Members attending the annual conference of the Leather and Allied Industries Federation of Zimbabwe (LAIFEZ) decided to ask the government to restrict hide export permits to recognised industry players in an attempt to keep some of the country’s scarce raw materials for their own tanning industry.

Power cuts, foreign exchange shortages, soaring inflation, labour unrest and stalled negotiations, price controls, are every day events that take precedence over more normal business concerns. Commodity prices, even for locally produced goods, are increasingly pegged to US dollar black market rates. These bear little resemblance to the rates set by government, but more accurately reflect market forces.

Annual inflation is running at 228%. Unemployment has reached 80% and 75% of industrial capacity is lying idle. Planted farming acreage fell this year by 50% and harvests of maize, a staple food for the country, are down 65%. It was reported on May 18 that 40 people in Bulawayo had died of starvation in the first two months of this year.

Reduced bovine slaughter is on the cards, a reduction likely to move basic raw material from the short supply bracket to the scarce. Such conditions result in acrimonious competition for raw material and rising prices. It also leads to illegal hide exports, smuggling and overall worsening of the economy.

Ample supply of raw material was for long a ‘taken for granted asset’ by the Zimbabwe leather sector. But this is now in jeopardy. The national herd has been decimated, the commercial herd on political grounds and the subsistence farming sector by the ravages of drought and the incompetence of governmental departments in providing aid. Apart from scarcity of hides, drought compounds the problem of sourcing good quality hides for export quality leather production.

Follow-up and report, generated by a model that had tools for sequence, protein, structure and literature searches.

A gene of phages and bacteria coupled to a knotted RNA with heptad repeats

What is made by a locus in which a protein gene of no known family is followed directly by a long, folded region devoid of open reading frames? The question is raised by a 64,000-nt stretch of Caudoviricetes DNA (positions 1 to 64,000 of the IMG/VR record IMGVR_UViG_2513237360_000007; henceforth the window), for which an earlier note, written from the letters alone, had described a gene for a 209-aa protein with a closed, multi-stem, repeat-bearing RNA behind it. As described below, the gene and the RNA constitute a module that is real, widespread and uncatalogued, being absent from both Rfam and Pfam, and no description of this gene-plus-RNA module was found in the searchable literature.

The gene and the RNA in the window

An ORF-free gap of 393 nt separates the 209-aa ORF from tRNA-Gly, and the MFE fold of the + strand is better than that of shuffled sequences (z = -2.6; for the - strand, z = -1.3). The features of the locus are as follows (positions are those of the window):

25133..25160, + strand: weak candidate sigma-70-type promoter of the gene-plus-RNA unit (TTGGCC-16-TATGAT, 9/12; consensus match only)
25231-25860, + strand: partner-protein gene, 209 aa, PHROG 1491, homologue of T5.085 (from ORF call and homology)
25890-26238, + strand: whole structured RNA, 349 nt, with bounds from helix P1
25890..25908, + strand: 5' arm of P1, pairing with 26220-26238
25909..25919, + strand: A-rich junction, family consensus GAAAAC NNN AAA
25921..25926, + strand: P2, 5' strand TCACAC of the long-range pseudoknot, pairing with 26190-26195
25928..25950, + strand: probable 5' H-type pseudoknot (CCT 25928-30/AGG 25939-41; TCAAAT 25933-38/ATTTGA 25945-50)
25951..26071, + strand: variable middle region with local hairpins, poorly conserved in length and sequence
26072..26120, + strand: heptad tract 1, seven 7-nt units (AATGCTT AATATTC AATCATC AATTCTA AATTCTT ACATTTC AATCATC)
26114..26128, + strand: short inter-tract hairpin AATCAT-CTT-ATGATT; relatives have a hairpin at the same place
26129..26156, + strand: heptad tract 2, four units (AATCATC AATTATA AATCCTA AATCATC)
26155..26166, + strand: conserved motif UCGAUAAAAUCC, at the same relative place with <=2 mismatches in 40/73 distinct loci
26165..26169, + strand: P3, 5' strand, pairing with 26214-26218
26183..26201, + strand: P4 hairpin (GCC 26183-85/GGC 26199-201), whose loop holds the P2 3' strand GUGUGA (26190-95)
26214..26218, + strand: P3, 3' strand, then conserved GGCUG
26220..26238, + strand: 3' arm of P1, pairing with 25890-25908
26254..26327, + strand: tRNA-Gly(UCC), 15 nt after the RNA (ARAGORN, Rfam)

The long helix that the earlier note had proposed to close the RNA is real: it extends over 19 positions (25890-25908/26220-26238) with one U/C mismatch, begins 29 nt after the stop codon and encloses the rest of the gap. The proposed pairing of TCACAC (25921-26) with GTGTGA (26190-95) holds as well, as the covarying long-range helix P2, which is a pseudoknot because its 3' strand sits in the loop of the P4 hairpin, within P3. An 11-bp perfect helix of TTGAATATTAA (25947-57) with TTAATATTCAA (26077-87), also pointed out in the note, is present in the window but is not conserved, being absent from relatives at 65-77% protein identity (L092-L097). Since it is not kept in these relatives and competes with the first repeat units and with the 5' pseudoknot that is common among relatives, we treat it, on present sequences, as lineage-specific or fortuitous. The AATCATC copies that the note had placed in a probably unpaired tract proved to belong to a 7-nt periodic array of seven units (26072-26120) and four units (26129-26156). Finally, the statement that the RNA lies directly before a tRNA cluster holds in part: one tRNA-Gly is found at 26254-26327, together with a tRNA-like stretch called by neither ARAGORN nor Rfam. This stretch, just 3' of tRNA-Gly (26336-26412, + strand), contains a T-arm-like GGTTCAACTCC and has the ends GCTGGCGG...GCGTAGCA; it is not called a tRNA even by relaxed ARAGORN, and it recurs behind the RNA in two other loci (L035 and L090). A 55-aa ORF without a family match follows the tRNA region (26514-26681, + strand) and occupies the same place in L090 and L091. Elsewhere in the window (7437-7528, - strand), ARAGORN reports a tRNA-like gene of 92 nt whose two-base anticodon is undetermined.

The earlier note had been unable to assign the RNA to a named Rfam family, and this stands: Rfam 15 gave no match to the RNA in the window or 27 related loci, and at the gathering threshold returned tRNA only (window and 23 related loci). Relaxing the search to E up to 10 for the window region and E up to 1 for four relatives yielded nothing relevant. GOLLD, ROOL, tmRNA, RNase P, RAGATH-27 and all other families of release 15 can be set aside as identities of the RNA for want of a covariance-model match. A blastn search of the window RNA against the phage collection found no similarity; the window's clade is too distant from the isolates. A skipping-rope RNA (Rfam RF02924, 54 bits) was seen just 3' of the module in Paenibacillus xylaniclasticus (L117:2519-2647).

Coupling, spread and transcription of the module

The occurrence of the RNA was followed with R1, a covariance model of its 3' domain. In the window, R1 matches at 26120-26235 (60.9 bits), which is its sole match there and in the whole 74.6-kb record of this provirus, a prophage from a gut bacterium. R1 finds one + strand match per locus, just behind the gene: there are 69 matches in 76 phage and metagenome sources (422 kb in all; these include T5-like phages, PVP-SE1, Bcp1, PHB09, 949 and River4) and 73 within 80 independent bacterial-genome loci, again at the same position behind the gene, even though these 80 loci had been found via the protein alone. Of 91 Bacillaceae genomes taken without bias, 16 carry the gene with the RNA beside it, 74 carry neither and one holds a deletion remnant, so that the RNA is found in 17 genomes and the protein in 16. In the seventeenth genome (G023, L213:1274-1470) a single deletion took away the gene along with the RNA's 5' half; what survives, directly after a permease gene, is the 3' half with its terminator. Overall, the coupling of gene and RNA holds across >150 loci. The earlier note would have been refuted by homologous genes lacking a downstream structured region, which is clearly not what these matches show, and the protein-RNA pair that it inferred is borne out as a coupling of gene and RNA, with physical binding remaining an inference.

At present, by agreement, hide merchants cannot export in the raw officially and have to offer a nominal 50% of hide production to local tanneries before exporting either as raw or as third party processed wet-blue. But this is open to abuse. A few merchants ask impossibly high prices for raw stock, which have to be refused, and then arrange wet-blue processing by third party tanneries on a commission basis. Tanners have been asked not to third party tan without authorisation from LAIFEZ. But will all comply?

First and second grade hides, vital to quality production, are in especially short supply. Tannery managements suspect the bulk of better grade hides are exported by merchants, either raw or as wet-blue, to the detriment of local industry. It was suggested hide suppliers should be ‘persuaded, cajoled or threatened’ into supplying locally. This approach reflects near desperation and is not a practical proposition.